He looks around and sees a collection of long-handled garden tools leaning against the fence that encloses an old building’s yard. It would be nice if it was this simple, he thinks.

He moves in for a closer look and sees unusual stains on one of the shovels. He smiles grimly. Too good to be true.

He takes out his phone and makes a call.

*   *   *

Demetriade skips his appointments with the journalist and Dan Ionescu and visits the police laboratory. Waiting in the hallway, he drinks bad coffee from a vending machine. Liquid chemicals, he thinks.

His phone rings, and he sees his subordinate’s name on the screen.

“Anabella, what’s up?”

“They had some interior work done a week or ten days ago. A wall was knocked out to turn two small offices into one larger one, and several windows were replaced.”

“Well, I don’t suppose they needed a shovel for that. Nothing done out in the yard?”

“No. But I got the autopsy report, and the murder weapon doesn’t seem to have had sharp edges. So it wasn’t a shovel.”

“I see. Good to know.”

He tosses his plastic beaker, half full, into a trash bin and heads out to the lot where he left his car. A patrolman is eying it curiously. He really ought to put a note on the visor when he parks illegally. His phone rings again.

“We’ve found some tools.”


“In a storage closet in the basement. A lot of them.”


“And no hammer. No heavy metal implements. Nothing likely to be the murder weapon.”

“You really think the killer would have left it where we could find it? He’s not stupid.”

“They taught us at the academy that Romanian murderers are a bit stupid as a rule. Careless, anyway. And their motive is usually jealousy.”

“Generally true, Anabella, but there are exceptions to both those rules.”

“I know that, Chief Commissioner. What do you want me to do next?”

“It’s Tony. Try to remember. Find out who did the work on the building. Get their names and addresses and question them. Maybe one of them has a hammer in his basement at home. . . .”

*   *   *

Broken Shore


“These crazy street names are driving me mad,” Demetriade growls, clinging to the door handle.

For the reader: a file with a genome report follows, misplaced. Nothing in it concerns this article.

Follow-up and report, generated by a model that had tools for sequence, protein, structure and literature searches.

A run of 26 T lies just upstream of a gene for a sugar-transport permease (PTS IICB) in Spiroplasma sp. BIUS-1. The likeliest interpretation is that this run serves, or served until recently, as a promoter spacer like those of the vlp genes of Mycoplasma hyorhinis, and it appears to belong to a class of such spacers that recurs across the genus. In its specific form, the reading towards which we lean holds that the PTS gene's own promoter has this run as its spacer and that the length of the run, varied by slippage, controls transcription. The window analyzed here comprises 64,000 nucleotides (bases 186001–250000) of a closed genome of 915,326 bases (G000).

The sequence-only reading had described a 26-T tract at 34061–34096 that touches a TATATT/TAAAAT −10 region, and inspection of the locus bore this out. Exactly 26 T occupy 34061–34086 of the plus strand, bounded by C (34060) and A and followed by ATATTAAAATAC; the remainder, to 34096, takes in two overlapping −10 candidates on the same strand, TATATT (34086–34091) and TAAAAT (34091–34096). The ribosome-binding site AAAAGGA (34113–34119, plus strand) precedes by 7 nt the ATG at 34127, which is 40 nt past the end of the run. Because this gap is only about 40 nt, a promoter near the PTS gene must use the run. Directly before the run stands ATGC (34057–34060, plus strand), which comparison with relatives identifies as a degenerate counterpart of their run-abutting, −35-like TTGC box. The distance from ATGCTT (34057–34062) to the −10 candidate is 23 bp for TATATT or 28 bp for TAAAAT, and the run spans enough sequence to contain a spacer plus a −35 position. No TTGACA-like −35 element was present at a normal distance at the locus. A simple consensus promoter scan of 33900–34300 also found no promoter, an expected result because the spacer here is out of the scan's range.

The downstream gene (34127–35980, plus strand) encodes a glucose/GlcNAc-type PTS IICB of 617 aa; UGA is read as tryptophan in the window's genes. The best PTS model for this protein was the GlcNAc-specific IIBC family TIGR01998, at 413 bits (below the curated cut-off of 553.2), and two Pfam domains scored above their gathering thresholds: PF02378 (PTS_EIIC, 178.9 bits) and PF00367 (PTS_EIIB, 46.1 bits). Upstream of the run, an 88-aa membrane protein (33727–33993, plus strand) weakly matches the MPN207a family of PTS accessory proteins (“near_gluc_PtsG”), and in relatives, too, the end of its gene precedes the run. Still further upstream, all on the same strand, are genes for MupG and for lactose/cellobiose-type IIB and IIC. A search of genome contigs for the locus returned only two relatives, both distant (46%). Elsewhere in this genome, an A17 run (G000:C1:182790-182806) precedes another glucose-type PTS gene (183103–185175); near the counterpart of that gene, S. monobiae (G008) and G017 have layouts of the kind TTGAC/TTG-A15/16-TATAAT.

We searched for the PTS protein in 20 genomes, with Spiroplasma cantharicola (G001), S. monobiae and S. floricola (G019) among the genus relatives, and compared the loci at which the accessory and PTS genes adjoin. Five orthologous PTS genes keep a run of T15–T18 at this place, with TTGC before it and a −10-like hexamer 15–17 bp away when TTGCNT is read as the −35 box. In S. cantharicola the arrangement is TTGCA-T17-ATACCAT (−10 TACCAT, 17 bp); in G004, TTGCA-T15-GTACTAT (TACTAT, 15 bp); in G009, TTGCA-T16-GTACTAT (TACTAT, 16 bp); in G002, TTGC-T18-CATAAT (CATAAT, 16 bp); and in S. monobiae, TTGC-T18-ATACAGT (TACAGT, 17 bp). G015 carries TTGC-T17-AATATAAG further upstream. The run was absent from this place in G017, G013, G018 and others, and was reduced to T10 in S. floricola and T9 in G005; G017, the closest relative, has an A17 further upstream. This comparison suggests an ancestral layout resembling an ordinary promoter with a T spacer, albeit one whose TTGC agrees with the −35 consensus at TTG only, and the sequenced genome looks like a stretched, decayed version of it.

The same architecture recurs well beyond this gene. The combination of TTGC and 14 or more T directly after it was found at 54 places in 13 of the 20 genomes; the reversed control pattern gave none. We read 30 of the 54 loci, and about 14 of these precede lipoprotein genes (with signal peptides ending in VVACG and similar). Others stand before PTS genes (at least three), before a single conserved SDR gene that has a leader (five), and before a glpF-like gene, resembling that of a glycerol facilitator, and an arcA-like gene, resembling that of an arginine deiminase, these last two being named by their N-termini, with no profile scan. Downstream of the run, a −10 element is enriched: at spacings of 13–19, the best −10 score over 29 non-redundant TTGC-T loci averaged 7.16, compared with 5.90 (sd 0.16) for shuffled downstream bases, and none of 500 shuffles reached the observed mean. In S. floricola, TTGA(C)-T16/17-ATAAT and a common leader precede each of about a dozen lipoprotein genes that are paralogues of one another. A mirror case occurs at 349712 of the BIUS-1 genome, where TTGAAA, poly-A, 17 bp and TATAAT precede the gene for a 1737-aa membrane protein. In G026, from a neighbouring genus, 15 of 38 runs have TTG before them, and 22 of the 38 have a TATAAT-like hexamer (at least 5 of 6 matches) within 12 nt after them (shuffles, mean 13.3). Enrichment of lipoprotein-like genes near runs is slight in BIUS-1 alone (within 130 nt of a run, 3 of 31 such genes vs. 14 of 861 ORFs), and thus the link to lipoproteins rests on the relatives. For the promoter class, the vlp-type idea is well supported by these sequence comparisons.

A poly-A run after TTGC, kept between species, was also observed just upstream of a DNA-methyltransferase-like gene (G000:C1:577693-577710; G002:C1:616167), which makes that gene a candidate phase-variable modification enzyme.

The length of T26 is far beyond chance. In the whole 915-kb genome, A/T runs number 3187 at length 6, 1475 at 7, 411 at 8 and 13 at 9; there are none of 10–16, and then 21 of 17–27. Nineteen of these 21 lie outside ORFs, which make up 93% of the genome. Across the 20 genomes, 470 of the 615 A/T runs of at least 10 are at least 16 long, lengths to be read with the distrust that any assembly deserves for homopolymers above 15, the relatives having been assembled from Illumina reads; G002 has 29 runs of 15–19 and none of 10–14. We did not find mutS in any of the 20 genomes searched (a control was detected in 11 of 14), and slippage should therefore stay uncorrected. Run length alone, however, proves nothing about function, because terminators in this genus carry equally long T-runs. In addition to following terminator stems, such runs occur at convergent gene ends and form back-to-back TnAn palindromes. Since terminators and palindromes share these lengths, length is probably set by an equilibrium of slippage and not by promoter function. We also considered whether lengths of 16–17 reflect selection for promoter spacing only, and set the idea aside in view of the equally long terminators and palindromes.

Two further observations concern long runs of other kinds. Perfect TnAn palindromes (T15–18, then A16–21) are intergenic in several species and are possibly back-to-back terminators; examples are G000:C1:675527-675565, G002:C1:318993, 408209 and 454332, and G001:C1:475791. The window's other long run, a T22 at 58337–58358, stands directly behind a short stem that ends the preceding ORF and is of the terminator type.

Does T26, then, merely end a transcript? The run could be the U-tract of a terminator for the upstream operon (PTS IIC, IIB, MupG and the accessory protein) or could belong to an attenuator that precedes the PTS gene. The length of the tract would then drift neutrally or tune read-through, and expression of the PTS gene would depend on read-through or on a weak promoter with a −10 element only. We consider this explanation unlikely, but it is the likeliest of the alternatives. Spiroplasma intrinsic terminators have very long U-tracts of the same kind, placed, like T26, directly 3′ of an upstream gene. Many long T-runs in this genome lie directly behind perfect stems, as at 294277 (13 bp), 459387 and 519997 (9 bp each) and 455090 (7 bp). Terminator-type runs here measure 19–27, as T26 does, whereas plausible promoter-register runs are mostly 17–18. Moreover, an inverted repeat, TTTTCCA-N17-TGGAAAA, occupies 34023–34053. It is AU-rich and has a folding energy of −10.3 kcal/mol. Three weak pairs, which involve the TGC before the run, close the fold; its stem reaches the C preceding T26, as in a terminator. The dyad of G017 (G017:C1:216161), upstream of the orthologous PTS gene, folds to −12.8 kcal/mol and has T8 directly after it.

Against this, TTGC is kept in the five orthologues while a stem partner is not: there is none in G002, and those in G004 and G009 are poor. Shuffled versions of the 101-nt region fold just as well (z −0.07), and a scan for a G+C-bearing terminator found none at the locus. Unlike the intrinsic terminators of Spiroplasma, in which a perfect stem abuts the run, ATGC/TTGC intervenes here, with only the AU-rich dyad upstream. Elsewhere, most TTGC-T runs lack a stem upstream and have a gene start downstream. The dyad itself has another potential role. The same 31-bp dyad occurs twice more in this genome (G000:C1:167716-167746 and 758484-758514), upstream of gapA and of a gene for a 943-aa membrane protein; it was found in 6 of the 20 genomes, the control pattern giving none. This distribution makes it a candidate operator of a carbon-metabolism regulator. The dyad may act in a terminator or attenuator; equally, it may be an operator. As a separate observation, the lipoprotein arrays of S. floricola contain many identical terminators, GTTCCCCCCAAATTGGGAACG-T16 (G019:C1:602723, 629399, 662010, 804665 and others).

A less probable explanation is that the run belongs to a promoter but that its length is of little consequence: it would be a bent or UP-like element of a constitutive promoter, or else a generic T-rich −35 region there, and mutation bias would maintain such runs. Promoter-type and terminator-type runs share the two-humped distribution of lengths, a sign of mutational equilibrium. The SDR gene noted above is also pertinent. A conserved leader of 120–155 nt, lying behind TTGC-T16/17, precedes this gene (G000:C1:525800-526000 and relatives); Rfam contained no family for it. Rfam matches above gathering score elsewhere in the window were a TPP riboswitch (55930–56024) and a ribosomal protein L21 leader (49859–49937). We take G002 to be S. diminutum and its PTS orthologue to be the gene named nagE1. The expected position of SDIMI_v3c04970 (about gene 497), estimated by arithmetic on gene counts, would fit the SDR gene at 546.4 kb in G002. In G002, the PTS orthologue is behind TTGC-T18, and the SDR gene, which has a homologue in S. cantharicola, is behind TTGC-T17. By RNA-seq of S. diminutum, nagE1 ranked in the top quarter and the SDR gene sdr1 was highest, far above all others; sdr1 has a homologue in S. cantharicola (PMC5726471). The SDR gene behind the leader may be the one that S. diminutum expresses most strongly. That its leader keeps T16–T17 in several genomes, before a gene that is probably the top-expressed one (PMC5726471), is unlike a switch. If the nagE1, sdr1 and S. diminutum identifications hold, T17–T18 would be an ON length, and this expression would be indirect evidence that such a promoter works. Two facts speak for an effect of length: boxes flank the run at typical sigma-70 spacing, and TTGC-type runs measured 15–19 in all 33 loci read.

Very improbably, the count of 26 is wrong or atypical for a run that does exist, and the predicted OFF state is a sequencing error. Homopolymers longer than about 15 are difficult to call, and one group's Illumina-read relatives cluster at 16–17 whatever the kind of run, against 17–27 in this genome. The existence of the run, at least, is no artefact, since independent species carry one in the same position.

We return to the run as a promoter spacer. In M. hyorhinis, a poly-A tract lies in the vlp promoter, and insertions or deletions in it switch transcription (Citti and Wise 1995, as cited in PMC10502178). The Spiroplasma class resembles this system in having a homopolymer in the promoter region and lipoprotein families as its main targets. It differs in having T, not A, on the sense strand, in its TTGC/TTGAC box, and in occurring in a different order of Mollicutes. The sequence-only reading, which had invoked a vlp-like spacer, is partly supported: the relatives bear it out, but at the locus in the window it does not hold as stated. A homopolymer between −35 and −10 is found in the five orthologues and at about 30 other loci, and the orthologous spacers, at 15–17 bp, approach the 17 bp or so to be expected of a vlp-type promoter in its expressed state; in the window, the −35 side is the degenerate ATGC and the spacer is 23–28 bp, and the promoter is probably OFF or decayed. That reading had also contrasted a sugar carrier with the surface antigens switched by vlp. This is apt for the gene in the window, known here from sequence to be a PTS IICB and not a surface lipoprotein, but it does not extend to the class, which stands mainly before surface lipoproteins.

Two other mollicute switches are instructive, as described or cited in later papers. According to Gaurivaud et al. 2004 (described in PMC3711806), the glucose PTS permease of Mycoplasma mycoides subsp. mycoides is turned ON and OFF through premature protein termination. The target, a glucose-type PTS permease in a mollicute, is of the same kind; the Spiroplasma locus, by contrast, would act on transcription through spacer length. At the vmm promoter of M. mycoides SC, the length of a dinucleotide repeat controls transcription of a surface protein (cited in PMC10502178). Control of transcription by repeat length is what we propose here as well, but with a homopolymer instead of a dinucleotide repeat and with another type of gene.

Sub-Inspector Paduraru is really putting the little police car—a Romanian Dacia Logan—through its paces, roaring down the highway at a hundred and thirty kilometers per hour. It’s not far from Bucharest to Malu Spart—Broken Shore—only thirty kilometers.

The sub-inspector smiles a private smile, and Demetriade realizes it’s the first time he’s seen her wearing any expression other than a scowl.

“Have you ever heard of white blow flies?” she asks, not taking her eyes from the road ahead.

“White what?”

“Blow flies. They infest plants and trees.”

“And why is this important?”

“The journalist I mentioned? Hrista Matache? She did a story on a white–blow-fly infestation out in the countryside.”

“And this has something to do with an architect killed by a blow from a hammer?”

“I don’t know. Possibly.”

“And there’s jealousy somewhere in the picture?”

“Maybe. We haven’t talked with her yet.”

“We should do that. First the honorable construction crew, and then we’ll add Ms. Matache to our list, okay?”


*   *   *

The village of Malu Spart seems prosperous, though not many of its inhabitants are out and about. It’s not completely deserted: There are a few women and children strolling along the main street. But the locally based construction crews are busy elsewhere.

The three men they’re looking for—the team that did the renovations on Teodorescu’s building—are independent contractors, not employed by any one particular company. Two of them are apparently in Spain. The third, Nelu Prisacaru, left on Saturday for a job in one of the neighboring villages and hasn’t been seen since.

“I think he’s in Ogrezeni,” Prisacaru’s aunt tells them, “putting up a fence.” Her nephew has never married, and she lives with him and takes care of his house. “Call him on his cell phone. He’s got a job in Sicily next, but I don’t think he’s left yet.”

Anabella Paduraru dials the number the aunt provides, but the call goes straight to voice mail.

“What’s your hurry?” the aunt asks. “I’ll let you know when he shows up, and you can come back. We’re only half an hour from Bucharest, and it’s a pleasant drive.”

Demetriade swears and heads back to the Dacia.

“I didn’t see a hammer in the yard,” says Anabella, hurrying to keep up with him, “and I didn’t see any motive for the murder.”

Demetriade isn’t sure if she’s being serious or pulling his leg.


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Copyright © 2021. A Bucharest Arrest by Bogdan Hrib